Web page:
From the Nevada Independent: Here’s the final update to our bill tracker w/all bills Sandoval signed or vetoed during the 2017 #nvleg session.
League of Women Voters of Nevada Legislative Survey
(The survey is at the end of this post)
The League of Women Voters is a non-partisan organization that neither supports nor opposes political parties or candidates. League does, however, support issues related to voting rights, fair and accessible elections, and healthy communities.
League is also a strong proponent of good governance through an emphasis on civility and transparent, open, and effective governing processes.
In Nevada, our legislature has budgeting and regulatory power over many public agencies and programs, which makes our biennial, 120-day legislative sessions very important. Considering all the issues addressed each session, 120 days is a very short amount of time, and the gap in-between sessions is very large.
We believe that in this area, our governing practices can make it difficult to effectively conduct the business of a modern state with twenty-first century needs. This leads us to ask: Could we be more efficient or organize our sessions in ways that better align our legislative outcomes with our overall needs?
In our state, we are constitutionally bound to the biennial time-frame and the 120-day limit, and we are statutorily bound to various other deadlines and rules. This doesn’t mean we can’t change, it just means that some changes are more difficult and time-consuming than others. While constitutional amendments can take five years, statutory changes can happen in one session, if a legislator or the Governor agrees to sponsor a bill.
Either way, both methods for modifying governing practices starts with a discussion of what works well and what we could do better.
League of Women Voters of Nevada, therefore, would like to engage our community to begin assessing our legislative system with a survey. If you would like to participate, please remember, we do not condone attacks against people and will delete all personal references, so only focus on rules, procedures, and practices.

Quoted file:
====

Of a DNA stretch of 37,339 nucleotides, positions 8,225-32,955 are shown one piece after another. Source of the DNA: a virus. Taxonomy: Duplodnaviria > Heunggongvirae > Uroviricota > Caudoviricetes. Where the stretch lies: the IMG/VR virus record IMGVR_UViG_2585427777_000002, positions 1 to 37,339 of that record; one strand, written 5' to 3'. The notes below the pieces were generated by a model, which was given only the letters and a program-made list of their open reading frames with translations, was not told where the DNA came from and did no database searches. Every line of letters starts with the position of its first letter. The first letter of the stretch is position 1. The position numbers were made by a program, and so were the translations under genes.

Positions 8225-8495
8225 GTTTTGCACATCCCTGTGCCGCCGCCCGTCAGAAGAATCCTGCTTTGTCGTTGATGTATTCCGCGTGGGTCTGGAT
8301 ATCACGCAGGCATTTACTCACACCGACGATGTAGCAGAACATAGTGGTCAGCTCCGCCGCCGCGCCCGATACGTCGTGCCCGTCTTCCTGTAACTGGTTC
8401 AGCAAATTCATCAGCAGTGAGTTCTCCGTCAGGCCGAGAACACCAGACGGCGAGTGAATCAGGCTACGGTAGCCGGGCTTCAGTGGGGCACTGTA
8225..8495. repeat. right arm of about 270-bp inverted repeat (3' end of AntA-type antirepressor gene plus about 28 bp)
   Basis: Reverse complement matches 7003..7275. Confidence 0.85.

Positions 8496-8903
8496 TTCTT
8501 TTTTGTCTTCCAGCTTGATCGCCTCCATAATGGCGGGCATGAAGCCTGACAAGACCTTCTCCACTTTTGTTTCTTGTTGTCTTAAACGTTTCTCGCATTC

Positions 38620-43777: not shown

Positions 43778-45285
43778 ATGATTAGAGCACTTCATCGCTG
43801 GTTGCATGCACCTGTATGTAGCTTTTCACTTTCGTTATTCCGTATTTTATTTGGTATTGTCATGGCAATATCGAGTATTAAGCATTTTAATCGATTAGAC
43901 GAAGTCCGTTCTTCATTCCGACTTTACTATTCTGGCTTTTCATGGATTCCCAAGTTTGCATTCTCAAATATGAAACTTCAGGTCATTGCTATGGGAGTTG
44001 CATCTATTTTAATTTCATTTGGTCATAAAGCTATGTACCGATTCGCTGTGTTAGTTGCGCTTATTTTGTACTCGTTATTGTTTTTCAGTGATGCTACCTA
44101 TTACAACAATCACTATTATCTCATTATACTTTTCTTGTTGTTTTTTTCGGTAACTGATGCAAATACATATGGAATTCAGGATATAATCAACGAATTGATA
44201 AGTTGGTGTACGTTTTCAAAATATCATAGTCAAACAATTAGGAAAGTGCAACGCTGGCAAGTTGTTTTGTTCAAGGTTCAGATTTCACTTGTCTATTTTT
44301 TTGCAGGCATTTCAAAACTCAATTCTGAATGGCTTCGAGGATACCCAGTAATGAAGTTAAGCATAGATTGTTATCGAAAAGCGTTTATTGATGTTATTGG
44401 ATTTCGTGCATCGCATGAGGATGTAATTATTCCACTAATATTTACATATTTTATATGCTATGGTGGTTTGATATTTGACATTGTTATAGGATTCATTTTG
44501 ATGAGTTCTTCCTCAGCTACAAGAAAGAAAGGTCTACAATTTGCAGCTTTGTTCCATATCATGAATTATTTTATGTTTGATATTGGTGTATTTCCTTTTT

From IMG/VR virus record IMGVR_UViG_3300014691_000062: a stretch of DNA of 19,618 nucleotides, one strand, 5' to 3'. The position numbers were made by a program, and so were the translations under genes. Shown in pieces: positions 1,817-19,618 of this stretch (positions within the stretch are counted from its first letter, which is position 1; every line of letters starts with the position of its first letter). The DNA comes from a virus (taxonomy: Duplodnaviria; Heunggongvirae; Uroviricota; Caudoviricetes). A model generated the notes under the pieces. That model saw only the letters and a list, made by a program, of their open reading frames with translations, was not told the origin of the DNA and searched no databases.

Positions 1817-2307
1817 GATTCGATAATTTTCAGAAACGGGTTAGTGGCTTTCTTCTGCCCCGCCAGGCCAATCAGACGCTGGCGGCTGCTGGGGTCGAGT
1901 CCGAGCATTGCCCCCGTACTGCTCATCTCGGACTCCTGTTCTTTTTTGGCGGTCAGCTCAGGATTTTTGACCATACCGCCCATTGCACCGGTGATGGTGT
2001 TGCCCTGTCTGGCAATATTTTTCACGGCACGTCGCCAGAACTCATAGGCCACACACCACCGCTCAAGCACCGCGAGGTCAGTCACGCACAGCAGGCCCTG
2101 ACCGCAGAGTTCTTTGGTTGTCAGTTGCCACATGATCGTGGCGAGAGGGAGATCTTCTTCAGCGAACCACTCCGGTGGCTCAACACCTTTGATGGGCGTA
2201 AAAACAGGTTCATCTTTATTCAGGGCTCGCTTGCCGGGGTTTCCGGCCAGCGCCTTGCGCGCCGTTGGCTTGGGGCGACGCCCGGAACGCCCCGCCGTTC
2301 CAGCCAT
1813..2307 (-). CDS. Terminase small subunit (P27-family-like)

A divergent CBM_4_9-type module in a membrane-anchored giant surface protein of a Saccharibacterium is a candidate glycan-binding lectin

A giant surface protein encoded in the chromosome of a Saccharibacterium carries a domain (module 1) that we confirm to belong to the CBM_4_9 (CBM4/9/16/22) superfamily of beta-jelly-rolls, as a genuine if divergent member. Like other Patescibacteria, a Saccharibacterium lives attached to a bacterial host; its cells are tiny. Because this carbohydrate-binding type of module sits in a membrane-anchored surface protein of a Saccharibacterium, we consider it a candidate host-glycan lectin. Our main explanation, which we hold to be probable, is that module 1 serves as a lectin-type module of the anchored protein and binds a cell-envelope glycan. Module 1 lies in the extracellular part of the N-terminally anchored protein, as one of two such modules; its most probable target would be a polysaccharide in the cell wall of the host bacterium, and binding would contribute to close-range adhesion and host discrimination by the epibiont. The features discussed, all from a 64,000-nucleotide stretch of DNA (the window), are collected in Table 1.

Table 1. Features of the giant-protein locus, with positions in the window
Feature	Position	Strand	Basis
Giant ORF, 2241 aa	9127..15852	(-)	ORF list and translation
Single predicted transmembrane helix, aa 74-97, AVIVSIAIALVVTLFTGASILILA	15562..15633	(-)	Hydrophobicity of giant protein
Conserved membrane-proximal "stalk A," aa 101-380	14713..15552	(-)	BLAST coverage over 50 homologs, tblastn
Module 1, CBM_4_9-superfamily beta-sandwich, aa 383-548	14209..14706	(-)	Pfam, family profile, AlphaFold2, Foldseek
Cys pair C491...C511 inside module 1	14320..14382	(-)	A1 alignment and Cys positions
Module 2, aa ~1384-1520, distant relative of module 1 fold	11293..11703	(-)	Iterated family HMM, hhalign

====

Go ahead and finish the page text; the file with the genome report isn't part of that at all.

If you would like to participate, simply fill out the form below and then click on Submit. The survey will be open until July 1st. After July 1st, we will aggregate the submissions into an annotated report for public release. No names will be collected in the survey nor shared in the report.
In a 2006 paper titled “Regime Change and Corruption: A History of Public Utility Regulation,” Werner Troesken summarized various types of utility reform.
He wrote that over the last one-hundred years local and state leaders have enacted various utility regulations to combat corruption and improve public life. In some instances, municipalities converted private utilities into public enterprises to address consumer outrage over poor management, high billing rates, or outbreaks of disease, in the case of water. While in other cases, states transitioned municipal utilities into privately-held, but state regulated, companies due to egregious political corruption.
Troesken’s main point, though, was that water and energy are so important for a community’s well-being, some form of utility regulation has been the status quo in every state since 1900.
It’s within this context that our legislature has been debating a slew of clean and renewable energy bills. None of these pieces of legislation propose to eliminate NV Energy; but some do require the utility to change how it treats newer forms of energy production. This includes energy produced by individual homeowners through rooftop solar.
One bill specifically, AB 405, proposes new rules to govern relationships between NV Energy and rooftop solar owners and between rooftop solar customers and solar panel companies. Owners would be able to sell excess power back to NV Energy at an attractive rate and customers would receive stronger protections.
It’s not surprising NV Energy doesn’t like being told how to manage its portfolio or how to control energy inputs and outputs, but this isn’t the main issue underlying current disagreements over AB 405. Legislators aren’t mulling over whether NV Energy likes AB 405, instead they are deciding how to best protect consumers. So, the focus is: Will accepting or rejecting changes to the status quo benefit or harm Nevadans?
On one side, we have legislators who believe protecting the status quo will benefit Nevadans from every part of the socioeconomic spectrum, while on the other side we have equally passionate advocates who argue for benefiting consumers by creating a rational path to move from one model of energy production and distribution to another.